AC and Heating Tip from AC Express
Diagnosing a Furnace Problem
In some ways we live in a very Do-it-Yourself world these days. With the internet at our fingertips, it’s easier than ever to answer questions and solve problems that in the past we would be helpless to solve without directly contacting and working with an expert. This is doubly true when it comes to matters of home upkeep. Whether you’re building a deck or fixing your washing machine, the internet and all resources contained within make it possible to get through the whole process by yourself regardless of your previous knowledge on the subject.
Because of this reality, many people like to see just how much they can do on their own when something in their house breaks down before calling a professional. This makes sense, because when you own a home you want to feel like you can take care of it yourself and you want to save as much money as possible when it comes to repairs. Unfortunately, when it comes to systems as delicate and nuanced as your heater, relying merely on yourself and the internet is a bad idea in a lot of cases, but not all. That’s why this tip is going to be all about, if not how to fix a broken furnace, at least how to potentially diagnose it. That way you can discover whether problem has a simple and easy fix or one that’s more extensive and would require calling a professional. When can you troubleshoot the issue yourself and when will it require outside help? Read on to find out how to diagnose a problem with your heating in Austin.
Check Out the Thermostat First
Before you even take a look at the furnace itself, you can rule out many problems by taking a quick look at the thermostat. Often times, when it seems like your furnace has broken down and refuses to work, it’s really just a problem with the thing controlling the furnace, the thermostat. The first step in troubleshooting your furnace is to double-check that the thermostat is set correctly. It sounds obvious, but it can be fairly easy for your thermostat settings to get changed accidently. Either by a kid or while dusting or some other little mishap. Of course, if the thermostat itself isn’t turning on, then your issue is probably a dead battery. Switch out the batteries in the thermostat for some fresh ones and see if that does the trick.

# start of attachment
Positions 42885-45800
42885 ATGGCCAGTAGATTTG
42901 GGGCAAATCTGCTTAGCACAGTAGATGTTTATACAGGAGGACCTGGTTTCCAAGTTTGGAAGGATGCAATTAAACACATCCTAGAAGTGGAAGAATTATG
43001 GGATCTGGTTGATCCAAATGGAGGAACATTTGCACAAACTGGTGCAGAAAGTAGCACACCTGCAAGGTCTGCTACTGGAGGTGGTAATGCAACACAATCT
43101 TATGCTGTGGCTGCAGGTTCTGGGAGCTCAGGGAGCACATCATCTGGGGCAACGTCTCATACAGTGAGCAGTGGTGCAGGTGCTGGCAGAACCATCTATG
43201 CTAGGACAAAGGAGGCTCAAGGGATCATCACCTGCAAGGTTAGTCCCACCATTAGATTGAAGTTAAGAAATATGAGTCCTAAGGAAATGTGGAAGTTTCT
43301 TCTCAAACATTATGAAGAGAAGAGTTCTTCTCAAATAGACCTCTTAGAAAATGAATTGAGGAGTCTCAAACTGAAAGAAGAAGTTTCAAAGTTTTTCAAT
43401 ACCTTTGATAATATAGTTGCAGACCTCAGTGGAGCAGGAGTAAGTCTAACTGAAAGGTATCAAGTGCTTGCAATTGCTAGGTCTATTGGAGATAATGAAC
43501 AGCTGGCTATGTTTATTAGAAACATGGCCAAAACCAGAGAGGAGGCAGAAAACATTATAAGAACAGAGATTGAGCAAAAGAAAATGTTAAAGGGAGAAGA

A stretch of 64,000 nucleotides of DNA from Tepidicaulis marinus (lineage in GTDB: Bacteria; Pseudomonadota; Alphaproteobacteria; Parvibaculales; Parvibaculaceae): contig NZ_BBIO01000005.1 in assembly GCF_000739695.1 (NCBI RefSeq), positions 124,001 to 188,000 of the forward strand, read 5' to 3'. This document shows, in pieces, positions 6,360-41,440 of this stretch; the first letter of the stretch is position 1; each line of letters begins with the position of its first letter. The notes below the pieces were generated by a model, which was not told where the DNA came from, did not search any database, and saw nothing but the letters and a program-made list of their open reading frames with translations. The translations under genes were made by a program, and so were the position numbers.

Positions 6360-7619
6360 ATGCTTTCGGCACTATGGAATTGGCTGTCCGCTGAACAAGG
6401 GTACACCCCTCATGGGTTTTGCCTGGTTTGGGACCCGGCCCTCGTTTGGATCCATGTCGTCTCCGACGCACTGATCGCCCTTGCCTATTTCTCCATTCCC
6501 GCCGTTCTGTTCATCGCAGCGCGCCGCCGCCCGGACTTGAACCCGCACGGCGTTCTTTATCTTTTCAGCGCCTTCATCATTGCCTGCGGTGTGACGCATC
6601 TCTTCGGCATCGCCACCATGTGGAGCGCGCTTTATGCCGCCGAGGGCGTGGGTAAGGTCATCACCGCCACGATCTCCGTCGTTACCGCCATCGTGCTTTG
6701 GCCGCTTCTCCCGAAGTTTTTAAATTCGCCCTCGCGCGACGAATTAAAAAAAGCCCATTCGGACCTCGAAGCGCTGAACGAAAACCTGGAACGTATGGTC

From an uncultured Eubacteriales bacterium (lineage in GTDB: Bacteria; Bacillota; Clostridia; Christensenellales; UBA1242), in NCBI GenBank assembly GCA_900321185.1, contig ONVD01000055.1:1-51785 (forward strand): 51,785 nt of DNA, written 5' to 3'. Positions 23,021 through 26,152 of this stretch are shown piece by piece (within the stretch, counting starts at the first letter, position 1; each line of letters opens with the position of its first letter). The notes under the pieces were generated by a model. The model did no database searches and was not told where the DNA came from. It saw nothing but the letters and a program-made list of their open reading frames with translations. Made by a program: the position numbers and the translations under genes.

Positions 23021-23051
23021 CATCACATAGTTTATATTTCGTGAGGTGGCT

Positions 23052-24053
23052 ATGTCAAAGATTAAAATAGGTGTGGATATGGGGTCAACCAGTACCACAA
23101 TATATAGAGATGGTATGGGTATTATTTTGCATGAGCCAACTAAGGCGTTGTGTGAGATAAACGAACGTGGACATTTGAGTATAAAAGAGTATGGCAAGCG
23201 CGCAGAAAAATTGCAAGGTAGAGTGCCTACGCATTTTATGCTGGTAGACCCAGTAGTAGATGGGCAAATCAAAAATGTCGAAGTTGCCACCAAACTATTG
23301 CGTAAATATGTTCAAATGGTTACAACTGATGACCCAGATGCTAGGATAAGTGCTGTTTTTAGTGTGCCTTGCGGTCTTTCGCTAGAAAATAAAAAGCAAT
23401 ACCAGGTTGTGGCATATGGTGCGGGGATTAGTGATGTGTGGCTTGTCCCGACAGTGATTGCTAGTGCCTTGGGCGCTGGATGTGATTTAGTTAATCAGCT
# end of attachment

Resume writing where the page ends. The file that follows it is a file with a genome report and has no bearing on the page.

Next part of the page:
So make sure your thermostat is set to “heat” and that the temperature setting is high enough for the furnace to kick on. Wait a few minutes and see if this solves the issue. If not, set your thermostat to 90 so that as you continue to troubleshoot your heater assuredly kicks on when and if the problem is solved. You can also try cleaning the contacts in the thermostat if it is analog and not digital. This just involves removing the main case of the thermostat and lightly dusting the metal contacts.
If none of that changes anything, you still can’t rule out the thermostat completely. If you want to test it further, there’s a fairly simple procedure that doesn’t require more than a screwdriver. Simply go to the furnace, remove the doors and follow these steps.
- Locate the circuit board where the thermostat wires connect to the furnace.
- Disconnect the wires connected to the "R" and "W" terminals. (the wires SHOULD be red and white too but aren't always,) Push them safely to the side.
- Connect your small piece of "jumper wire" between the "R" and "W" terminals.
- Put the door back on and see if the furnace works.
- If this works, it was a problem with the thermostat and it will need to be replaced. If it doesn’t, then you’ll have to move on in your diagnosing process.
Air Filter Issue
The next step is the air filter, and that’s because it is just as easy to check on as the thermostat and in some cases even easier to fix. The air filter of the furnace is what cleans the air that circulates through the ducts and in your home and keeps the furnace and your air from building up with contaminants. These contaminants, things like pollen and mold spores, can be extremely damaging to your heater if they aren’t controlled. But the air filter isn’t designed to work indefinitely. In fact, it needs to be changed every few months as it will gradually get worse and worse at its job as it collects more dust and matter.
But as easy as it is to replace an air filter, sometimes it just slips the mind since you don’t have to think about it most of the year. Filter-related failures are probably one of the most common furnace problems out there, primarily because homeowners forget about the filters. How do you know if this is your furnace’s problem? First, check your filter for obvious dirt. Don’t try to skimp by cleaning and reusing cheap hardware-store filters. Once they’re saturated with dirt they won’t be able to effectively clean the air anymore. And luckily, filters aren’t expensive or hard to find. Make sure you get the correct size when you go to the store. Most experts recommend changing your furnace’s air filter once a month to ensure maximum efficiency.